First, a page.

Biology 625
Fall semester lecture note outline

Updated: 03 October 2003

The text below simply represents a crude lecture outline of one of the topics covered in class. It is not meant to substitute for attending lectures or ignoring the textbook. Additional material, including line drawings, kodachromes, and more extensive information on life-cycles and basic biology, will be supplied in the lectures.

TOPIC 29. Amoebae

  1. Organisms with pseudopodia or movement with protoplasmic flow without distinct pseudopodia
  2. flagella occasionally present in some forms, but usually restricted to temporary, developmental, or dispersal stages
  3. body either naked, or with internal or external skeleton/test
  4. asexual reproduction by fission
  5. sexual reproduction occasionally present, usually associated with flagellated gametes but occsionally amoeboid gametes
  6. most amoebae free-living and marine; few parasitic
  7. 3 distinct groups now recognized, sometimes categorized at either the subphylum or superclass level
    1. Amoebozoa (or Rhizopoda)
      1. move by lobopodia, filopodia, reticulopodia, or by protoplasmic flow without distinct pseudopodia
      2. The class Lobosea contains the only parasitic members to be discussed in class
        1. pseudopodia lobose or filariform and produced by distinct hyaline lobe; uninucleate
        2. 2 groups of importance here
          1. Order: Amoebida (no flagellate stages) (i.e. Acanthamoeba, Endamoeba, Endolimax, Entamoeba, Hartmannella, Hydramoeba, Iodamoeba, Paramoeba)
          2. Order: Schizopyrenida (body monopodal cylinder, usually moving by eruptive, hyaline bulges; most with temporary flagellate stages) (i.e. Balamuthia, Naegleria, Vahlkampfia)
    2. Granuloreticulosa (you will not be tested over this taxon)
    3. Actinopoda (you will not be tested over this taxon)

Representative intestinal amoebae

  1. Endamoeba spp.
    1. inner nuclear ring of endosomal granules
    2. cysts produced
    3. typically in invertebrates
    4. typical species
      1. Endamoeba blattae (colon of cockroaches)
      2. Endamoeba simulans (gut of termites)
  2. Entamoeba spp.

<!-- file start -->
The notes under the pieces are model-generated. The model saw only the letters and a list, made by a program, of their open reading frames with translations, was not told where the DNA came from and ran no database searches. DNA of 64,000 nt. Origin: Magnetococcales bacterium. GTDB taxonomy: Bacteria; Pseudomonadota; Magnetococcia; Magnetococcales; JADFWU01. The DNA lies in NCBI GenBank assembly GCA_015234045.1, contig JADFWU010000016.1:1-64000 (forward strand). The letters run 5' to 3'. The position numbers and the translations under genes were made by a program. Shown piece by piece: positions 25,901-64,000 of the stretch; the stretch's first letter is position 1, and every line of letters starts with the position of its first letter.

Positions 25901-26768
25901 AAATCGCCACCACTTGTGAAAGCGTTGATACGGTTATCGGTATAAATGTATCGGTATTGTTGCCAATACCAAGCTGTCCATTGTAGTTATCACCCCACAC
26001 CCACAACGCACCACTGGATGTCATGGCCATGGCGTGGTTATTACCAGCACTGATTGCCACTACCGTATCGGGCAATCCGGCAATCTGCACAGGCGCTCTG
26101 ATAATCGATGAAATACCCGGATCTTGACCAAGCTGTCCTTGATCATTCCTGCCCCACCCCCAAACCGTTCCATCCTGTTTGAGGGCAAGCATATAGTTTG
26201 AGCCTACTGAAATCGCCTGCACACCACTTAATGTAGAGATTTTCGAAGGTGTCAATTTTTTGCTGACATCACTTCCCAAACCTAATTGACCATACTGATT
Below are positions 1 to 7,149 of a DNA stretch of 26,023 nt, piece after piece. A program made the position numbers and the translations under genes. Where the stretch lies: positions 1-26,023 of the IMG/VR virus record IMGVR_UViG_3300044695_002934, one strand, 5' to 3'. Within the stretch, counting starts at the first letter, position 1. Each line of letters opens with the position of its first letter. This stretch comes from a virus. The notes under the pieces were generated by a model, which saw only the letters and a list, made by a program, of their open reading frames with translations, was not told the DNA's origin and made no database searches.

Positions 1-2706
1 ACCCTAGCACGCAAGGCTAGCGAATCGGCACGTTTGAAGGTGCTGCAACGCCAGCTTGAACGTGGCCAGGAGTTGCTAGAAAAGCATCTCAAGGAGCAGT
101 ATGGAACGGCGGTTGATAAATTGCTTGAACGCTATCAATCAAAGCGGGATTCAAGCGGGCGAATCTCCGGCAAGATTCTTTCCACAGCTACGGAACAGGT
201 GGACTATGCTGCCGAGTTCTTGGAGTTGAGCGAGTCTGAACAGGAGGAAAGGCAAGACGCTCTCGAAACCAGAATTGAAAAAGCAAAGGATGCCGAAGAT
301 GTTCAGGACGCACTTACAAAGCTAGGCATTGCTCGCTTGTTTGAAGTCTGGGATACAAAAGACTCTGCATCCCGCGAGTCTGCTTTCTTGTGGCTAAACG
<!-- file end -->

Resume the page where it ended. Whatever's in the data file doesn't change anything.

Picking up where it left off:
1. distinct endosome; peripheral chromatin at nuclear membrane
    2. cysts usually produced
    3. some species parasitized by parasitic fungus Sphaerita sp.
    4. 4 distinct groups or complexes recognized
      1. Entamoeba histolytica group
        1. small, centrally located endosome
        2. ring of peripheral granules at inner surface of nuclear membrane
        3. cysts with 4 nuclei
        4. chromatoidal bars often blunt ended
        5. most pathogens seem to be in this group, and these species can ulcerate the gut wall and abcess nonintestinal sites
        6. representative species
          1. Entamoeba anatis (intestine of ducks)
          2. Entamoeba dispar (intestine of primates; nonpathogenic)
          3. Entamoeba equi (intestine of horses)
          4. Entamoeba hartmanni (intestine of primates; non pathogenic)
          5. Entamoeba histolytica (intestine of primates, canids, swine; potentially pathogenic)
          6. Entamoeba invadens (intestine of reptiles; nonpathogenic in turtles; pathogenic in snakes)
          7. Entamoeba moshkovskii (intestine of primates; nonpathogenic)
        7. President Thomas Jefferson died of dysentery in 1826. Some historians have stated that the symptoms were identical to amoebic dysentery
        8. President William Taft, then Governor of the Philippines, developed an ulceration of the perineum in 1901 and nearly died when it ruptured. In 1903, he was diagnosed with amoebic dysentery leading some to conclude that the original ulcer was due to the parasite
        9. Actress Kate Winslet (unforgettable "Rose") missed the premier opening of her film "Titanic" in London in 1997 because she acquired amoebic dysentery while filming in Morocco.
        10. Actress and AIDS activist Elizabeth Taylor is reputed to have acquired amoebic dysentery in 1975 while filming "The Blue Bird" in Russia
        11. Actor Jason Robards acquired amoebic dysentery in Peru in 1979 and was forced to quit during filming of "Burden of Dreams."
        12. Actress Carol Landis developed amoebic dysentery in 1945 while touring with the USO
        13. Novelist Ernest Hemingway suffered from amoebic dysentery between 1932 and 1933, shortly after returning from Africa
        14. Actor Kirk Douglas is reputed to have come down with amoebic dysentery while in the Navy during WWII
        15. Both Henry Morton Stanley and Dr. David Livingstone suffered from amoebic dysentery during their explorations of Africa
        16. Actress Lois Maxwell ("MoneyPenny") suffered from amoebic dysentery in England after returning from Italy during WWII